Michael Eriksson's Blog

A Swede in Germany

Ridiculous news stories

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Today, I encountered two stories on Spiegel Onlinew that really made me cringe (and, regrettably, are good stand-ins for greater problems).

The first discusses how Miss Piggy (of Muppet fame) has been awarded a feminist prizee. (An English piece reporting on the same topic with differences in detaile.)

Let us see here: Miss Piggy is shallow, conceited, belligerent and over-aggressive, (extremely) prone to violence, lacking in self-perspective and self-understanding, and so on and so forth. When Kermit lamented that “it’s not easy being green”, I have long suspected that she was one of the main reasons… Miss Piggy is in many ways a caricature of a (particular type of) woman.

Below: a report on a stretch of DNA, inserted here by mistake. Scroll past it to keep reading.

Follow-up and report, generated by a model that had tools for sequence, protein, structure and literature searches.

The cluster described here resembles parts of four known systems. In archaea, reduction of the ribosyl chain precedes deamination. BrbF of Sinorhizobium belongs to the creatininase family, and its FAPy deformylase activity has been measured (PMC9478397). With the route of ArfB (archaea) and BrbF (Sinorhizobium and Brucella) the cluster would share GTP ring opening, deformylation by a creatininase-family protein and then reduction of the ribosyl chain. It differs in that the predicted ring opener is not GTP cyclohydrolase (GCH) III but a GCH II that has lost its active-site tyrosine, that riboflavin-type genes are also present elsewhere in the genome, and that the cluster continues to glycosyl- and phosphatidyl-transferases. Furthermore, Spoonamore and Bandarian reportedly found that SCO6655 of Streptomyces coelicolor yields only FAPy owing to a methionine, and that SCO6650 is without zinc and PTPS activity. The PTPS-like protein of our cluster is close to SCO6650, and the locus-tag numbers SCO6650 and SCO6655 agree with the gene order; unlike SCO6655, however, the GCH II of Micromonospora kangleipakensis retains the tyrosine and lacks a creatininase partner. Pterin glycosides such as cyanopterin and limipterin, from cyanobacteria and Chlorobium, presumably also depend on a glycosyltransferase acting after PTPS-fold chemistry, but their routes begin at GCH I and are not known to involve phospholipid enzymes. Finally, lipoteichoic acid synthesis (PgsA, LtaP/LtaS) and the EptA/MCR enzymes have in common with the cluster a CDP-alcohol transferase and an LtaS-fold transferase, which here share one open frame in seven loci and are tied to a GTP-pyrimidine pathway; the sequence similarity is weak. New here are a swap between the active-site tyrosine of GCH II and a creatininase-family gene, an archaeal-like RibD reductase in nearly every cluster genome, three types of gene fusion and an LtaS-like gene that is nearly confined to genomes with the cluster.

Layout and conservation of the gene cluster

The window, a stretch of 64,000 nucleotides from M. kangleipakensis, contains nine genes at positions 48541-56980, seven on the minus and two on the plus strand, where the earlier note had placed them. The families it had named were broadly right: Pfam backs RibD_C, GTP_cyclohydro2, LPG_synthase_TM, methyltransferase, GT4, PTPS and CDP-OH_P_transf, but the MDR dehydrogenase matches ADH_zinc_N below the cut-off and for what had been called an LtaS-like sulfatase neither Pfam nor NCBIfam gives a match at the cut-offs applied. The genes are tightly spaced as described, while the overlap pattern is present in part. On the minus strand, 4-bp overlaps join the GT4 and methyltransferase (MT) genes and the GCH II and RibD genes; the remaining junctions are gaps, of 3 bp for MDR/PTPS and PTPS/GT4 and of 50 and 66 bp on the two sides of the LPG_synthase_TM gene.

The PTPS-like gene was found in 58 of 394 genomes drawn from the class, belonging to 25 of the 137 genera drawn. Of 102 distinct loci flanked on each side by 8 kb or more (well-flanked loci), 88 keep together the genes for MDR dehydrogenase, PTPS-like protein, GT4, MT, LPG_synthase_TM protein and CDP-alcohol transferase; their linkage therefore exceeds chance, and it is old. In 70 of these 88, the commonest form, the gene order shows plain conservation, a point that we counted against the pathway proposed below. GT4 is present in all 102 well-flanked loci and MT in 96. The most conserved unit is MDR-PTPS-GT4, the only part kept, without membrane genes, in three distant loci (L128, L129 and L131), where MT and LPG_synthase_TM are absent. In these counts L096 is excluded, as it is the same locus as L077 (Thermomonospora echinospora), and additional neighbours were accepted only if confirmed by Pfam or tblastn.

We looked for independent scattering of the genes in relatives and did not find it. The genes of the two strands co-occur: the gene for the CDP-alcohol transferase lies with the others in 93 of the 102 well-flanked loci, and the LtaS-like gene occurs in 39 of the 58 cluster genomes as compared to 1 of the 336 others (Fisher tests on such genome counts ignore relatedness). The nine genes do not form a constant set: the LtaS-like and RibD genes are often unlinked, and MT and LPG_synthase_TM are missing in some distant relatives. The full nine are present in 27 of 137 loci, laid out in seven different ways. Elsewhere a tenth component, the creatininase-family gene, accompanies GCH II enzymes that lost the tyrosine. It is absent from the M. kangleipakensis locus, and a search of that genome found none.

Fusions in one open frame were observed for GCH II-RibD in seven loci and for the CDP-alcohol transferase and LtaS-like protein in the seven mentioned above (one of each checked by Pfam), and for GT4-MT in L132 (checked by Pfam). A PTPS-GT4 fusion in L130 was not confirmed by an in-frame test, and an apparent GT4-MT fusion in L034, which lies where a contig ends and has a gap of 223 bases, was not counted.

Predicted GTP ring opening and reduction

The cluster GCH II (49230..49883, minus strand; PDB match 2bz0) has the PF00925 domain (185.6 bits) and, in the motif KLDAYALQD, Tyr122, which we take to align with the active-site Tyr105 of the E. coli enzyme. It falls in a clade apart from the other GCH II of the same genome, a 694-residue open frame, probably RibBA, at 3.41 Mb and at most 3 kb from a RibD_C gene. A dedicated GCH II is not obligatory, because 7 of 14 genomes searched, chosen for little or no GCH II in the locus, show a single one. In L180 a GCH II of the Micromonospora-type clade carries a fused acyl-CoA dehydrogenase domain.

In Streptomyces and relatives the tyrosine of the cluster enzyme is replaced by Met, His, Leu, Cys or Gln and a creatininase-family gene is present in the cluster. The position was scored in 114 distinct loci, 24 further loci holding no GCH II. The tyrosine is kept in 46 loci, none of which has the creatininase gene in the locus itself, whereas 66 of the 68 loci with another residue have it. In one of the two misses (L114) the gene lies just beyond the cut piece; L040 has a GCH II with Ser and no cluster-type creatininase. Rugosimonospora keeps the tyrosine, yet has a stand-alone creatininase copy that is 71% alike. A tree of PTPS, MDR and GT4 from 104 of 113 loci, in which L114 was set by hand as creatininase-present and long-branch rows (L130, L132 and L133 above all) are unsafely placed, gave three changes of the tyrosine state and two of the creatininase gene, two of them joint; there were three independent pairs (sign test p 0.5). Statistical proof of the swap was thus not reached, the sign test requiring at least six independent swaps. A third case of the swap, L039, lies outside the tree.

The motivation for her receiving the award appears to be (lacking a formal statement, I read between the lines) that she was a strong woman who made it in a man’s world. To this I will re-iterate a point that I have often made in the past: The common complaint that strong women are often seen as bitches by men, that men are afraid of strong women, whatnot, is an utter misunderstanding or misrepresentation of what happens. The simple fact is that many of the women who are considered strong by feminists are in fact just bitches, often displaying a behaviour which would not be tolerated in a man, or bullies just as bad as the worst of men. They rarely share the characteristics of a strong man. Indeed, I strongly suspect that this behaviour is actually usually driven by fear and weakness rather than strength in the first place. In contrast, truly strong women are rarely called by the name—those who stand up to and conquer adversity instead of bullying weaker people into submission, stubbornly insisting that they are right even in the face of proof of the opposite, or over-aggressively attacking anyone who dares to criticize them. Miss Piggy is a bitch and a bully. No matter how funny she is when viewed from afar, if I ended up with her in real life, I would pick up my legs and run.